Picture this: It’s nearly midnight, you put your headphones on and play Sophie Allison’s (Also known as Soccer Mommy) latest album, Sometimes, Forever, and you drown yourself in your thoughts while Sophie Allison’s melodies and lyrics seep through. Is life good when darkness is forever?
Soccer Mommy released their third album Sometimes, Forever in June under Loma Vista Recordings. Let us get this out of the way: This album is hauntingly beautiful. From the shoegaze-esque sounds, melancholic atmosphere, wonderfully written lyrics, it is a great album to cry to whilst in the dark.
This album is what happens after the moment you close your curtains from your audience. The soundtrack of a twenty-something young adult trying to navigate through the bumpy road that is the long way home after a really tough day.
The album’s lead single “Shotgun” is what I would picture myself dancing to if I were in my own world as the cool hipster girl with short hair and combat boots in an old classic coming of age movie.
The lyric “Cold Beer and Ice Cream is all we keep; the only things we really need” sums up what I think someone’s twenties are mostly like, filled with alcohol and ice cream. Depression at its finest.
Going into this album, I wasn’t expecting it to hit harder than it did. What? Was it a rollercoaster of emotions? Not really. For me at least, because it was steady, and I was somewhat – for some reason – ready; you knew you were going to tap into the long time inner angst that you have from the get go.
You know the one, the angst that you have been suppressing since the dawn of time; and that is just what I needed. Maybe it is something you need to.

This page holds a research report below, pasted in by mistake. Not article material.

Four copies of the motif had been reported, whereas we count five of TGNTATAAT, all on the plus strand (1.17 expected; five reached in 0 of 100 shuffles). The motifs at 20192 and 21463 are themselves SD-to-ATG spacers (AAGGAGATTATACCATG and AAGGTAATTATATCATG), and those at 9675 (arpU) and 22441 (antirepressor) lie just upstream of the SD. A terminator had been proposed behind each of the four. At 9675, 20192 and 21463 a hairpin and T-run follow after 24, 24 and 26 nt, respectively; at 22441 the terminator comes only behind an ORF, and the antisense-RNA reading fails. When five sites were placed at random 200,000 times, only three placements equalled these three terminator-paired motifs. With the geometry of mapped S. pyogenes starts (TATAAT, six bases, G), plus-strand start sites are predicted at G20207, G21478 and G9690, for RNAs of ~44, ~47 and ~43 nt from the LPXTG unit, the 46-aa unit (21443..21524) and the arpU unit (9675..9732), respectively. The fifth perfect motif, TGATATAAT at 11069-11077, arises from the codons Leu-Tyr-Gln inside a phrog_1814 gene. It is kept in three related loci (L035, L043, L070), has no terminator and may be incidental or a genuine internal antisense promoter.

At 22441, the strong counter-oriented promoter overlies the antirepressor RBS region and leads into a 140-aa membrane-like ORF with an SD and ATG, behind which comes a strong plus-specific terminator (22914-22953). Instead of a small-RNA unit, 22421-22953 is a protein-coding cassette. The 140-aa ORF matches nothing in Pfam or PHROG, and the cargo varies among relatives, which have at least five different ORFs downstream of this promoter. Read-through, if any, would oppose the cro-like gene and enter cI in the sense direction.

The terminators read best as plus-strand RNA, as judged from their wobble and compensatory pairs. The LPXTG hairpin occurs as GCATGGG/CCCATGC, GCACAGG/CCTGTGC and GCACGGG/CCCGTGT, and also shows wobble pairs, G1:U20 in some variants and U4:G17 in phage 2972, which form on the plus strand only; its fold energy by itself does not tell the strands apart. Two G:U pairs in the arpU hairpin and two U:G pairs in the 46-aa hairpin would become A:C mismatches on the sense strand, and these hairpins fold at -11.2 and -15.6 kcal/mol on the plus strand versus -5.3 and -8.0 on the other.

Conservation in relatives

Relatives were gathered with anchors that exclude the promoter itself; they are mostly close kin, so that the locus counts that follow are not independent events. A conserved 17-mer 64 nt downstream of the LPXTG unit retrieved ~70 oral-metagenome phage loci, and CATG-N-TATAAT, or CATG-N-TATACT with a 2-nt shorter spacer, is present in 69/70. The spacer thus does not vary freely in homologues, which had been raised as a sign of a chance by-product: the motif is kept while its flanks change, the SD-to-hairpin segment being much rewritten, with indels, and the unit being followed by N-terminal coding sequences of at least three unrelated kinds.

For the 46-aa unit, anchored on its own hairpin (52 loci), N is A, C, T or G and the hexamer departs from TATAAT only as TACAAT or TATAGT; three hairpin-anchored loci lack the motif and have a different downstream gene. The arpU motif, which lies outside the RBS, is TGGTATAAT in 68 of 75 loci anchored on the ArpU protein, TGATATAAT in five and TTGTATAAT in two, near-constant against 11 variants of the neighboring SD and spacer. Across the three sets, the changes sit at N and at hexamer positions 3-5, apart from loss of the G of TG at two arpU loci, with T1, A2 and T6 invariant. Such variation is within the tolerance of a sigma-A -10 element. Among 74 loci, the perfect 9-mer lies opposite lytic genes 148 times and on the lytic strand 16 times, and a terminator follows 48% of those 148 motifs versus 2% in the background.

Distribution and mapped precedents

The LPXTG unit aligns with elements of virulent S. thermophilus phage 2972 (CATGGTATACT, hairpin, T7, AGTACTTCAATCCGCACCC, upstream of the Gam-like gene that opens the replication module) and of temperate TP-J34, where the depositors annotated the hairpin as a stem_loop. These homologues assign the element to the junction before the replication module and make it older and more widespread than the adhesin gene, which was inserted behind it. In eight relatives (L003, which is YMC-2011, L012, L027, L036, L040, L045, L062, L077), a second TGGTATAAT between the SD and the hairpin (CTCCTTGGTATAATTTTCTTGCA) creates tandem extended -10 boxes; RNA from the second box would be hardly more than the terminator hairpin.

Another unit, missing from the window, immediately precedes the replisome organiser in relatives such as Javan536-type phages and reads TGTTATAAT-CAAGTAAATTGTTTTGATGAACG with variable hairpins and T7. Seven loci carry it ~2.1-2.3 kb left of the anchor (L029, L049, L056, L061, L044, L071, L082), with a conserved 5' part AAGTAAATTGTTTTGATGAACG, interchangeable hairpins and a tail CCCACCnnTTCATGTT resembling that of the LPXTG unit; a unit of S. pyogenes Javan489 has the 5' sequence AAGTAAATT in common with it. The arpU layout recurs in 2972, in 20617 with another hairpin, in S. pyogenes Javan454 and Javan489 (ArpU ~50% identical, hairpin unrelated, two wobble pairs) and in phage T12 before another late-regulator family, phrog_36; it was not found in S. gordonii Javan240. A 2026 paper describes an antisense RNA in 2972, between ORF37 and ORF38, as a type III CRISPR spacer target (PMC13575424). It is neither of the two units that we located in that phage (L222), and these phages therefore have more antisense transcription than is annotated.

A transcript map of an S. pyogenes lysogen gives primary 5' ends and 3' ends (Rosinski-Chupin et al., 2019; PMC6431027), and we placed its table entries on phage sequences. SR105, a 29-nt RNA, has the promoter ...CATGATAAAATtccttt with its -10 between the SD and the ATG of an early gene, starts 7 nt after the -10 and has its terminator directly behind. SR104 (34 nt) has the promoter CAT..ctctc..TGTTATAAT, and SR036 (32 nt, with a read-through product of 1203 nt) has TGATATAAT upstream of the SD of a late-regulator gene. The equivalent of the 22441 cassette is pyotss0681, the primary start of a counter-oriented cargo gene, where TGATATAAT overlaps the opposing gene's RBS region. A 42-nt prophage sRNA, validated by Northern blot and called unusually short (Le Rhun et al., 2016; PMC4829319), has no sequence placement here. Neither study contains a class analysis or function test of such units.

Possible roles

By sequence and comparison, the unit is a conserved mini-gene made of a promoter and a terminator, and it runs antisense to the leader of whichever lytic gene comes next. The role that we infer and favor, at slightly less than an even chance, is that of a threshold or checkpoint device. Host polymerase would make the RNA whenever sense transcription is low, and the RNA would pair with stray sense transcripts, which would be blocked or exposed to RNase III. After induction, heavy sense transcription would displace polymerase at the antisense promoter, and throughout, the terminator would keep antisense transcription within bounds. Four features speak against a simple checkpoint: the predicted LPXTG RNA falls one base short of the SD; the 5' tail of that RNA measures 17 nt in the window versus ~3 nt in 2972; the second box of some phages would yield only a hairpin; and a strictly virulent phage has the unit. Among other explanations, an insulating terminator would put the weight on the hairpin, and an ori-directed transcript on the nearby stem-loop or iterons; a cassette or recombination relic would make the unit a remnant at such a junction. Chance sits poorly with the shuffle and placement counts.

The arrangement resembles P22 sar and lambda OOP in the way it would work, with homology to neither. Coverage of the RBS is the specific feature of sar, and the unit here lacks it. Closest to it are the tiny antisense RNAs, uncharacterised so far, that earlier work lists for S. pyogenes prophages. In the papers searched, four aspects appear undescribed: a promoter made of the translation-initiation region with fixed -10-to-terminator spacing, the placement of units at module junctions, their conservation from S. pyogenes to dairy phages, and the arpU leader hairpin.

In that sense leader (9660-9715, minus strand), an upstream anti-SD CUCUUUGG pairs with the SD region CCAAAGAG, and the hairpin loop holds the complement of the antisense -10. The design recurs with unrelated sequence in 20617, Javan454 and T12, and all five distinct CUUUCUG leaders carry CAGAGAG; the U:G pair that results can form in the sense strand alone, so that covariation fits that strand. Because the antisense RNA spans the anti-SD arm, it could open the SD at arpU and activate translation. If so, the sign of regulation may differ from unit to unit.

It has you beyond the edge of a cliff, where you should have been falling, but you are not. For some reason, I want to describe it as music that keeps you suspended in mid air.
It keeps you from falling down the rabbit hole. Specifically, an example from that imagery, is the track “Darkness Forever” which (I think) has the narration of writer Sylvia Plath, and her demons. Hands down, my favourite track from this record.
What is great about this record is how the soundscape captures the lyrics’ phantasm. On the track “newdemo” when Sophie Allison sang the words “What is a dream but a hope you hold on to”, the instruments take you onto a ride through the clouds.
All the while it sounds dreamy, but the message of dreams being “a lie that you wish would come true” is still met, delivered by a voice that will haunt you for ages.
My personal favourite line from Sophie’s lyrics is “22 going on 23, I’m already worn down from everything” from “Feel It All The Time”. Because honestly — and no pun intended — most of us really do feel it all the time. As a twenty-something, it’s nice to not feel alone.
That’s the thing, it is a very angsty, relatable record, but the difference between this record and other angsty records is the fact that this one doesn’t feel like you’re whining and on edge, it feels like you’re floating peacefully, just getting by. Sometimes life is just like that; and sometimes is forever. That is what makes this record brilliant.
I will add tracks from this record in various late night playlists of mine. Whether I need to float in mid air drowning myself in the soundscapes or I just need a cry or someone to relate to; either way, this album is a late night jam that will surely be on repeat for the next coming weeks for me. Something you cannot pass on, definitely.
Soccer Mommy’s Sometimes, Forever is a raw guitar-driven documentation of one person’s take on a whole generation’s collective sigh.
Listen to the album below and stream it everywhere else here.
Words by Dominique Dimaano